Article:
The next morning, they still hadn’t figured out exactly how to tell Hallie the truth. Cassidy had forgotten to set an alarm the evening before and had slept right through the night, which she took to mean Gemma didn’t want to see them. When they went downstairs, they asked Hallie if she knew where the old farm had been, and she said she had a bit of an idea but wasn’t sure. Since there was no way to explain how they knew without first telling her the truth, that conversation trailed off. So, they started working through the newspapers again. They talked about ghosts as they worked, but in a sort of hypothetical way, and continued to make notes of any stories they found that seemed slightly ghostly.
It was near noon when Hallie folded the top of one of the cardboard boxes back into place triumphantly and said, “Another box finished! Simon, can you grab that one—there, no, to the left. Yeah. Thanks.”
Cassidy glanced over from a paper she was looking at, just in time to see Simon reach for the box Hallie had requested, on the top shelf. She saw his fingers grab it, saw him slide it off of the shelf, and then saw it fall straight through his arms.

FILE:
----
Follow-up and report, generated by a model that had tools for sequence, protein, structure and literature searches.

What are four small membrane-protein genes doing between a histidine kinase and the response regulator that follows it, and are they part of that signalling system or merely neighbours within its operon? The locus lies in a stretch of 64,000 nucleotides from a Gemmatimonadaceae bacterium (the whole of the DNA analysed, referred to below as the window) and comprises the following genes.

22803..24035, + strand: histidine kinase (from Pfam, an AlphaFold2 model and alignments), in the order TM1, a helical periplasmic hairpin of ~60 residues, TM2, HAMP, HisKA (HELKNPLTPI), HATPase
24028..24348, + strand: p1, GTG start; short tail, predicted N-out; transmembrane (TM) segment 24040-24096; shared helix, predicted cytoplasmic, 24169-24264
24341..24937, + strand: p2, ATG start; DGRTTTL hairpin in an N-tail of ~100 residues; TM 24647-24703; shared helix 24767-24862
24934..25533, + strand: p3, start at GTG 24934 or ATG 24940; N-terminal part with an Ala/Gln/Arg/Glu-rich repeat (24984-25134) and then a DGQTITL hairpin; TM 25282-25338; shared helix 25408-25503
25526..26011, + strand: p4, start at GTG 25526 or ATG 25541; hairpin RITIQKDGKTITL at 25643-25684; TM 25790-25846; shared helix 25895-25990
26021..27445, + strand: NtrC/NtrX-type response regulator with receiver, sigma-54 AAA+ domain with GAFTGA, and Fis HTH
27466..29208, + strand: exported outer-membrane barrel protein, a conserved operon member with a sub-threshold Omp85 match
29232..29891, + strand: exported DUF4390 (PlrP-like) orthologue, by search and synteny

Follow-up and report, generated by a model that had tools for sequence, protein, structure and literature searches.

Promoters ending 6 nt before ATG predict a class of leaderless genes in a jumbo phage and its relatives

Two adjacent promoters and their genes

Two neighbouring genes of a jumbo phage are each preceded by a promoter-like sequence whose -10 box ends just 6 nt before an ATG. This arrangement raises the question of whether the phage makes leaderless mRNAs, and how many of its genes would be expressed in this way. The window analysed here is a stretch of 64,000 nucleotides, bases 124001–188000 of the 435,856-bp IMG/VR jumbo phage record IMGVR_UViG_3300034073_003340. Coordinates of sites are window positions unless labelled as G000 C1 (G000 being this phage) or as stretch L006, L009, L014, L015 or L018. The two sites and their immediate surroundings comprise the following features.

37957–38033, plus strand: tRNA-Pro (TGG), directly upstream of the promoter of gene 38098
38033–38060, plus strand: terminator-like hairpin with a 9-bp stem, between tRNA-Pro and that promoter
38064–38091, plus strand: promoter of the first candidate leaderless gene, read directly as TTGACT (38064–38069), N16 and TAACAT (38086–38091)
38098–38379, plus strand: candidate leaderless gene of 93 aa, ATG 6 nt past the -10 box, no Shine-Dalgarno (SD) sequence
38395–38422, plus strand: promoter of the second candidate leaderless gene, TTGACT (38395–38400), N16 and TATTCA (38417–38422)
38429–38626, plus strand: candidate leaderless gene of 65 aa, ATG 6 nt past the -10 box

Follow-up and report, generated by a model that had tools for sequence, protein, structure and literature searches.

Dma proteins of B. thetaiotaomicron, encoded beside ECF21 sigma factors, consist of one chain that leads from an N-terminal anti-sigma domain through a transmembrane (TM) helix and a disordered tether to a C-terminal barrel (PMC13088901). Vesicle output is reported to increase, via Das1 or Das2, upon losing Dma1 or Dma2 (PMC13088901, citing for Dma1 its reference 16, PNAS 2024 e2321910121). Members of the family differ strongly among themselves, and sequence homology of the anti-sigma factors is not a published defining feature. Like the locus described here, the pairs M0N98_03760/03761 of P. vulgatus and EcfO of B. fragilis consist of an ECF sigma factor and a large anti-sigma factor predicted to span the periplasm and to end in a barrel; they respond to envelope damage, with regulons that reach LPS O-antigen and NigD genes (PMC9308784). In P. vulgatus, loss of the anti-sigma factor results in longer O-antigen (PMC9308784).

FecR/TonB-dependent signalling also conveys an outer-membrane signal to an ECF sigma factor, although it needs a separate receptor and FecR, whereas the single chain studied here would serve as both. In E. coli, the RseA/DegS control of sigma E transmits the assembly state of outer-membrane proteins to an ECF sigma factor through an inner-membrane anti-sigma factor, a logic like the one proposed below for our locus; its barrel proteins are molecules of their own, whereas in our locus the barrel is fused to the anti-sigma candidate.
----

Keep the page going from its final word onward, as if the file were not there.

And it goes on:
Hallie and Cassidy were on their feet in an instant. Simon stepped back from the mess of papers. “Sorry, sorry, it was heavier than I thought.”
“It’s fine,” Cassidy said quickly, stepping around the table to join him. She crouched and gently righted the box, then started to pick up the papers that had slid out of the top. It wasn’t really as big of as a mess as it could have been. “Hallie, everything looks fine.” She stacked the papers back in the box, and tried to pick it up, only to find that it really was very heavy. She looked up at Simon, who hadn’t moved, about to ask him if he could help pick up the other side of the box, when she realized he was looking across the table. Cassidy stood, to see Hallie standing on the other side of the table, her hands still on the box she had been packing up, and her eyes wide.
Hallie held up her hand before Cassidy could say anything. “I’m sorry, are you trying to tell me that that box was so heavy that it ripped through your arms like they were made of air?”
Cassidy blinked, and tried to sound confused. “What? Hallie, that’s—”
“Wait,” Hallie interrupted. “Oh my—Simon Battle. You never told me your last name. But my mom mentioned that you looked familiar at dinner. But you… Simon Battle died twenty years ago. Supposedly. But you’re definitely not in your forties. All this research into ghosts and that box going through you like that and—”